Clin Neurol Neurosurg. 1998 Mar; 100(1):15-26.

Parkinson's disease (PD) is a multifactorial disorder, caused by a combination of age, genetics and environmental factors. Nigral cells are susceptible to multiple causes of derangement of normal cell function, all of which may contribute to the same Parkinson phenotype. Autosomal dominant alpha-synuclein-gene PD represents one of the pure genetic forms, whereas cases of sporadic PD probably depend more on age and environmental factors, MPTP-Parkinsonism being the purest example of an environmentally caused Parkinson phenotype. This review suggests that pesticides-herbicides, smoking and head trauma probably represent the most eligible candidates for environmental factors involved in provoking PD or influencing its natural course

Results of chronic subthalamic nucleus stimulation for Parkinson's disease: a 1-year follow-up study.

Vesper J, Klostermann F, Stockhammer F, et al.

Surg Neurol. 2002 May; 57(5):306-11.

BACKGROUND: Deep brain stimulation (DBS) has been established as an alternative approach for the treatment of advanced Parkinson's disease (PD). Recently, the subthalamic nucleus (STN) has been identified as the optimal target for DBS. METHODS: Thirty-eight patients have undergone surgery for advanced PD since 1996. They include 12 females and 26 males with a mean age of 55.6 years. The mean stage on the Hoehn and Yahr Scale was 3.5 (off condition). Electrodes (Medtronic DBS 31389) were stereotactically implanted into the STN bilaterally. Targeting was performed using computerized tomography (CT) scans and ventriculography (VG). After 4 days of external stimulation, permanent neurostimulators were implanted. Patients were evaluated preoperatively and 1, 6, and 12 months postoperatively. Evaluations were performed in defined on and off states using the Unified Parkinson's Disease Rating Scale (UPDRS) as well as the Hoehn and Yahr Scale, the dyskinesia scale, and the Activities of Daily Living (ADL) Scale. RESULTS: Significant improvement of all motor symptoms was found in all patients (UPDRS motor score 32/48 preoperatively versus 15/30 at 12-month follow-up, p < 0.001). Daily off-times were reduced by 35%. Dyskinesias also improved markedly (UPDRS IV: 3.2/3.1 [on/off] vs. 0.9/1.3 at 12 months follow-up). Postoperative L-dopa medication was adjusted (mean reduction: 53%). Complications occurred in two patients (5%) who developed infections, leading to system removal. Systems were replaced after 6 months. Two patients (5%) had a permanent worsening of a previously known depressive state and developed progressive dementia. CONCLUSIONS: TN stimulation is a relatively safe procedure for treating advanced PD. The possibility of readjusting the stimulation parameters postoperatively improves the therapeutic outcome and reduces side effects in comparison to ablative methods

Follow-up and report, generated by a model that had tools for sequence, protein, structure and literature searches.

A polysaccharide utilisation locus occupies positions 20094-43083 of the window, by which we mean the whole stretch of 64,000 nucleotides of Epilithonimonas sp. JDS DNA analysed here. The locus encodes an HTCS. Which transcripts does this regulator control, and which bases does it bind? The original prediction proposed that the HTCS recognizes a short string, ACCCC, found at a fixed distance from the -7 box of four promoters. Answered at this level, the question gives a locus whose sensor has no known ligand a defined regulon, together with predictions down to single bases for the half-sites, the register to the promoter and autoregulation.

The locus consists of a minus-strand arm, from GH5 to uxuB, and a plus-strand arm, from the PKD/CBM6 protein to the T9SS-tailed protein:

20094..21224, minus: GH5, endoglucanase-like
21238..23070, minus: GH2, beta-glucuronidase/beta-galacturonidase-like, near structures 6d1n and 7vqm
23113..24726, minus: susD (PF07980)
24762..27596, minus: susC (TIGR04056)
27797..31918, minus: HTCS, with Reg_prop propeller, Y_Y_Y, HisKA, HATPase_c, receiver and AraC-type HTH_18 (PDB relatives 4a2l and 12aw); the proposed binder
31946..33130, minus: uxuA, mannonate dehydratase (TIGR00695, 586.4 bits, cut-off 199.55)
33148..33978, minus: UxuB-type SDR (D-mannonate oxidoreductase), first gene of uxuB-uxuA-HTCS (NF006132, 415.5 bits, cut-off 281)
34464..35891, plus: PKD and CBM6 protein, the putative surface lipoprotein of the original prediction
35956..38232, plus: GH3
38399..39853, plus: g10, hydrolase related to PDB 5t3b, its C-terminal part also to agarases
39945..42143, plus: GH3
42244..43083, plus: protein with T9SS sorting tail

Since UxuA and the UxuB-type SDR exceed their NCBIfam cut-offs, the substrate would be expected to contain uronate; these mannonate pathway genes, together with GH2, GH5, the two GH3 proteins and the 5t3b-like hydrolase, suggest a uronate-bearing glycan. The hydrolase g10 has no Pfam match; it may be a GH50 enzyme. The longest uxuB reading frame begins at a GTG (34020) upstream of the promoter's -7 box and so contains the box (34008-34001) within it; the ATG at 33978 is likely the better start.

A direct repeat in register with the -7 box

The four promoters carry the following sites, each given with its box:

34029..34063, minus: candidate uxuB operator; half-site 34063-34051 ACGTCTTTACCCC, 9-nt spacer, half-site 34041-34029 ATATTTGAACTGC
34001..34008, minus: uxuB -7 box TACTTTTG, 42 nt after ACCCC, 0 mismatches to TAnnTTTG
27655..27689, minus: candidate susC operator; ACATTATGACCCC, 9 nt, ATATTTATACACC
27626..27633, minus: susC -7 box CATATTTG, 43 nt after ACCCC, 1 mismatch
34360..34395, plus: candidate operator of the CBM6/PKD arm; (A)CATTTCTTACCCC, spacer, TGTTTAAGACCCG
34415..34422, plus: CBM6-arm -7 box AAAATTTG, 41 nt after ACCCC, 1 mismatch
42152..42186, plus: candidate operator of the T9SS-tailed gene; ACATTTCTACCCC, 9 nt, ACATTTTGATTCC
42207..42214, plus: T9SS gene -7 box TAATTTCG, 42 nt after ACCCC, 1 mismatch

Maternal-fetal distribution of mercury (203Hg) released from dental amalgam fillings.

Vimy MJ, Takahashi Y, Lorscheider FL.

Am J Physiol. 1990 Apr; 258(4 Pt 2):R939-R945.

In humans, the continuous release of Hg vapor from dental amalgam tooth restorations is markedly increased for prolonged periods after chewing. The present study establishes a time-course distribution for amalgam Hg in body tissues of adult and fetal sheep. Under general anesthesia, five pregnant ewes had twelve occlusal amalgam fillings containing radioactive 203Hg placed in teeth at 112 days gestation. Blood, amniotic fluid, feces, and urine specimens were collected at 1- to 3-day intervals for 16 days. From days 16-140 after amalgam placement (16-41 days for fetal lambs), tissue specimens were analyzed for radioactivity, and total Hg concentrations were calculated. Results demonstrate that Hg from dental amalgam will appear in maternal and fetal blood and amniotic fluid within 2 days after placement of amalgam tooth restorations. Excretion of some of this Hg will also commence within 2 days. All tissues examined displayed Hg accumulation. Highest concentrations of Hg from amalgam in the adult occurred in kidney and liver, whereas in the fetus the highest amalgam Hg concentrations appeared in liver and pituitary gland. The placenta progressively concentrated Hg as gestation advanced to term, and milk concentration of amalgam Hg postpartum provides a potential source of Hg exposure to the newborn. It is concluded that accumulation of amalgam Hg progresses in maternal and fetal tissues to a steady state with advancing gestation and is maintained. Dental amalgam usage as a tooth restorative material in pregnant women and children should be reconsidered